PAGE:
Anesthesiologist Questions General Anesthesia

Am I really paralyzed under general anesthesia?

I've been told that you are paralyzed when you have general anesthesia. Why?

19 Answers

For many general anesthetics yes you are - although the appropriate term of being administered "muscle relaxants" to prevent voluntary muscle movement is much less worrisome to hear right? Often a patient is paralyzed during the intubation (or placement of a breathing tube). Muscle relaxants further aid in allowing retraction of tissue such as muscles, organs etc to allow access to the surgical site. Patients are also paralyzed to allow for mechanical ventilation from a ventilator. You are monitored and these medications are reversible when the appropriate time occurs.
The simplest answer to this question is this is YES.... General anesthesia (GA) is a physiological condition when an individual needs to receive medications for muscle paralysis, sedation, analgesia, and amnesia. A patient that undergoes GA has been placed in a controlled, reversible state of unconsciousness. This is what allows someone to tolerate surgical procedures that otherwise would result in unbearable pain, which may not be tolerated by the individual.
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Hi, it depends on the surgery and type of General Anesthesia. If it is a general anesthetic that utilizes an endotrachial tube(ETT) to proved ventilation or there is need for muscle relaxation for surgery, then yes. A paralytic agent is used to relax the muscles to allow the passage of an ETT, to make ventilations easier and provide ease of surgical exposure and access. If paralysis is not necessary an alternative device called the Laryngeal Mask Airway(LMA) can be used without paralysis and allows the patient to breathe on their own through the anesthetic.

I hope that is helpful.

Dr Ketch
The paralyzing drugs are required for most procedures but not all. The paralyzing agents are fully reversable except in a person with a rare disorder. Family history is important for decision making. The worst scenario with this disorder is that the patient will remain under anesthesia until the paralyzing agent has worn off. The patient will be comfortable during this time frame.
Part of a general anesthetic is muscle relaxation, so a patient does not move during surgery. The other two parts of a general anesthetic is amnesia, (don't remember), and analgesia, (pain relief).
Not always but in 70 -80% operation they use muscle relaxant to facilitate
the operation literally muscle relaxants paralyzes
you temporary at the end of operation they reverse it but all them you are
unconscious and pain free
There are many way anesthesia team monitor the depth of unconsiousness and
paralysis . public they should know in extremely rare cases people have
experienced awareness this is very rare always human error or problem with
the potency of drugs again it is a rare event.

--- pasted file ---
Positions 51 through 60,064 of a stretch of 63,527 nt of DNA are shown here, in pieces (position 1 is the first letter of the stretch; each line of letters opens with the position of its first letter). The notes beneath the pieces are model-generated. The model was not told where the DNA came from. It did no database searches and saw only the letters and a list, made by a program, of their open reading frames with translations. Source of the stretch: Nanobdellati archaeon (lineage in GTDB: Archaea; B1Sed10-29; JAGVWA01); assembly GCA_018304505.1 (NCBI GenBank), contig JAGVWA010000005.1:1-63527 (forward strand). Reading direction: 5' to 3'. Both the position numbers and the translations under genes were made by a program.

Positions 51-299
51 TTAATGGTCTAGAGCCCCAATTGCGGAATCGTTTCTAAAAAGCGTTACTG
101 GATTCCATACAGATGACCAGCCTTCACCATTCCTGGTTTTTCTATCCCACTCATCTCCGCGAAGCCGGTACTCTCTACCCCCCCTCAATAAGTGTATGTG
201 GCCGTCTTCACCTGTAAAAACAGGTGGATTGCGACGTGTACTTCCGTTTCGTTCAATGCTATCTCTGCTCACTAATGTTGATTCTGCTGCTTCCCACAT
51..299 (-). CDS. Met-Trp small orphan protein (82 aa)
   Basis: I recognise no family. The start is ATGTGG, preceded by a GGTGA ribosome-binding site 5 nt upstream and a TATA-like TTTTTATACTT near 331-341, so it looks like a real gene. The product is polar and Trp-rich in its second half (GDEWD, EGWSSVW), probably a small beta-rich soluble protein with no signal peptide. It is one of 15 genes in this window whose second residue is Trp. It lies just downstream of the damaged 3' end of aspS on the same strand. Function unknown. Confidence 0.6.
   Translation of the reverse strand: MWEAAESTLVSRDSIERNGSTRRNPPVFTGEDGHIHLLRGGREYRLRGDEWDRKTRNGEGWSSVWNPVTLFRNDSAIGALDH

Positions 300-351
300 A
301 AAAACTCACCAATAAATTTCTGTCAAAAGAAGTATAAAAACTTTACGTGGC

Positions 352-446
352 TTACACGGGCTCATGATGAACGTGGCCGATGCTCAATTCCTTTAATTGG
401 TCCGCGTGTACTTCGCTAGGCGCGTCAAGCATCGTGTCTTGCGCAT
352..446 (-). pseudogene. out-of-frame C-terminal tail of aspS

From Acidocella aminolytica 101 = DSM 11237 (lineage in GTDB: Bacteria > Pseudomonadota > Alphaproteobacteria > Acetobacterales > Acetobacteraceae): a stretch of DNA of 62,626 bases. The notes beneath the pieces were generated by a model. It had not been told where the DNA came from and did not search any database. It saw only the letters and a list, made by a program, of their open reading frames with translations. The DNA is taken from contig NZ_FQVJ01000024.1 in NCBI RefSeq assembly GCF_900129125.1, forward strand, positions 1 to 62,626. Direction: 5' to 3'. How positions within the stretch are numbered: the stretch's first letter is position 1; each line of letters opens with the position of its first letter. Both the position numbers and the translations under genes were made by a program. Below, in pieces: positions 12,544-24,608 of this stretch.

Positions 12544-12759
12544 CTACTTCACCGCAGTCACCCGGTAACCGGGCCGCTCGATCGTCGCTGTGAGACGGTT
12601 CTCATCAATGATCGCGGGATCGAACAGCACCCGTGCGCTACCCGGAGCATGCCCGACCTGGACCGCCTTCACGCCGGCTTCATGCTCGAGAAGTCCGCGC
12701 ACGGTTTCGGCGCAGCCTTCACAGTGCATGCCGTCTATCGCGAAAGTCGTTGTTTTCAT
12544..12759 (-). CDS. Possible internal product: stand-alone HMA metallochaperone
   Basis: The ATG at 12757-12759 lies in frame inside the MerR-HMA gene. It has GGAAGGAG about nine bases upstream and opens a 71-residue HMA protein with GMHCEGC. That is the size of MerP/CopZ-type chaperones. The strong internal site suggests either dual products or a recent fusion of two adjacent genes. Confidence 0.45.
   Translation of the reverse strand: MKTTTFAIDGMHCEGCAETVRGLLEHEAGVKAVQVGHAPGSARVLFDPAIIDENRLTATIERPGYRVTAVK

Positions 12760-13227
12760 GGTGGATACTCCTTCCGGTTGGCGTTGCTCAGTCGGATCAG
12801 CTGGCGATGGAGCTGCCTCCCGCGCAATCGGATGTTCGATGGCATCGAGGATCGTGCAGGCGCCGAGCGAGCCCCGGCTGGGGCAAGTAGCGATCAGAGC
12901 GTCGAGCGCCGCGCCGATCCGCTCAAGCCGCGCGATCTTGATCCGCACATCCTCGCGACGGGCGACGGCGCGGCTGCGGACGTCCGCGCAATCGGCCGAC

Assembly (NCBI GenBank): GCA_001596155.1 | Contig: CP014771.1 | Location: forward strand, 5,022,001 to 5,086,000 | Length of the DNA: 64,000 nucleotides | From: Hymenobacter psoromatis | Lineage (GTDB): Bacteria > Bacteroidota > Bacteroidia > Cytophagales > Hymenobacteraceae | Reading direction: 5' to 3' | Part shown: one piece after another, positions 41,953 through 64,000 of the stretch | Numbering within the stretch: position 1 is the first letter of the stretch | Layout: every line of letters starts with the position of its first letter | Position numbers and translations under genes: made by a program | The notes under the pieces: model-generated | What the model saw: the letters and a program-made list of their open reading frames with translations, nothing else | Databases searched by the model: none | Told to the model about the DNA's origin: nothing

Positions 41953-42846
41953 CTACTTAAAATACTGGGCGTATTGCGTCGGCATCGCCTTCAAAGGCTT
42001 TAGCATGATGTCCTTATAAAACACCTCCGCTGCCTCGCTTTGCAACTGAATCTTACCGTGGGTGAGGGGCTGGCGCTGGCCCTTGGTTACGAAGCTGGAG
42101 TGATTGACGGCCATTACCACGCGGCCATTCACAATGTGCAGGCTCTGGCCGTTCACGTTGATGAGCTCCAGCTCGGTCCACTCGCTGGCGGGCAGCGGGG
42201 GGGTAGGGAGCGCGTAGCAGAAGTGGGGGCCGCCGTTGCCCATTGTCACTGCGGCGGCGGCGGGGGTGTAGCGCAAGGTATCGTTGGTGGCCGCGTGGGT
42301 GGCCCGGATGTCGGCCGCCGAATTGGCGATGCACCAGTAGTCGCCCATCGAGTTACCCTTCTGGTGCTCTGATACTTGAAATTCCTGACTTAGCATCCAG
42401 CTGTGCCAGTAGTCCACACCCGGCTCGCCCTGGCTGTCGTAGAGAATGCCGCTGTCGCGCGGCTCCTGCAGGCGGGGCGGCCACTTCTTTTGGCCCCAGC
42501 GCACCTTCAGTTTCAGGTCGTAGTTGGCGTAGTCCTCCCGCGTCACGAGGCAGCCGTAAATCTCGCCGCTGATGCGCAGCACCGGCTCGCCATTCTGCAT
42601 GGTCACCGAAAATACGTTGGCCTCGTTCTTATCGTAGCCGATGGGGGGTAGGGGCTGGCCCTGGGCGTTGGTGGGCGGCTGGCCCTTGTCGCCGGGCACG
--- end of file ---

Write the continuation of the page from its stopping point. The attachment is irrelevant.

The purpose of anesthesia is to enhance your surgical experience by providing amnesia and analgesia. In terms of general anesthesia, it will provide both amnesia and analgesia as well as providing an optimal operating conditions for your surgeon. By using paralysis, your surgeon will have a "non-moving" target. This is critical in the setting of delicate surgeries.
General anesthesia may mean different things under different
circumstances. For some surgeries, like knee arthroscopy and hysteroscopy,
the patient may be asleep but no muscle relaxants are needed so the patient
is not paralyzed. Other more invasive surgeries, like laparoscopy and
exploratory laparotomy do require the use of muscle relaxants to insure a
motionless operative field for safe surgical technique. Anesthesiologists
administer drugs and monitor patients to insure that they are not conscious
during both kinds of general anesthesia. Muscle relaxants are reversed at
the end of surgery, so both groups of surgical patients have full motor
strength when they awaken from general anesthesia. Anesthesiologists are
careful to insure patient unconsciousness (along with adequate oxygenation,
ventilation, and hemodynamic stability) when muscle relaxants are used, so
that no patient should ever experience any wakefulness when paralyzed
during surgery.
That is not totally accurate to say you are paralyzed under anesthesia. But during surgery, there may be a need for the muscles to be relaxed for the surgeon to be able to perform his duties. So an anesthesia provider might use medications that will block the transmission of nerve impulses to the muscles and thereby cause a blockade of the neuromuscular transmission, or in layman's terms to paralyze the muscles. General anesthesia is a combination of sedatives and hypnotics and inhalation anesthetics that will interfere with the cognitive function of the brain, and muscle relaxants to aid the surgeon in his need to get to whatever he might be operating upon. Not all general anesthetics require muscle relaxation, but some aid the procedure.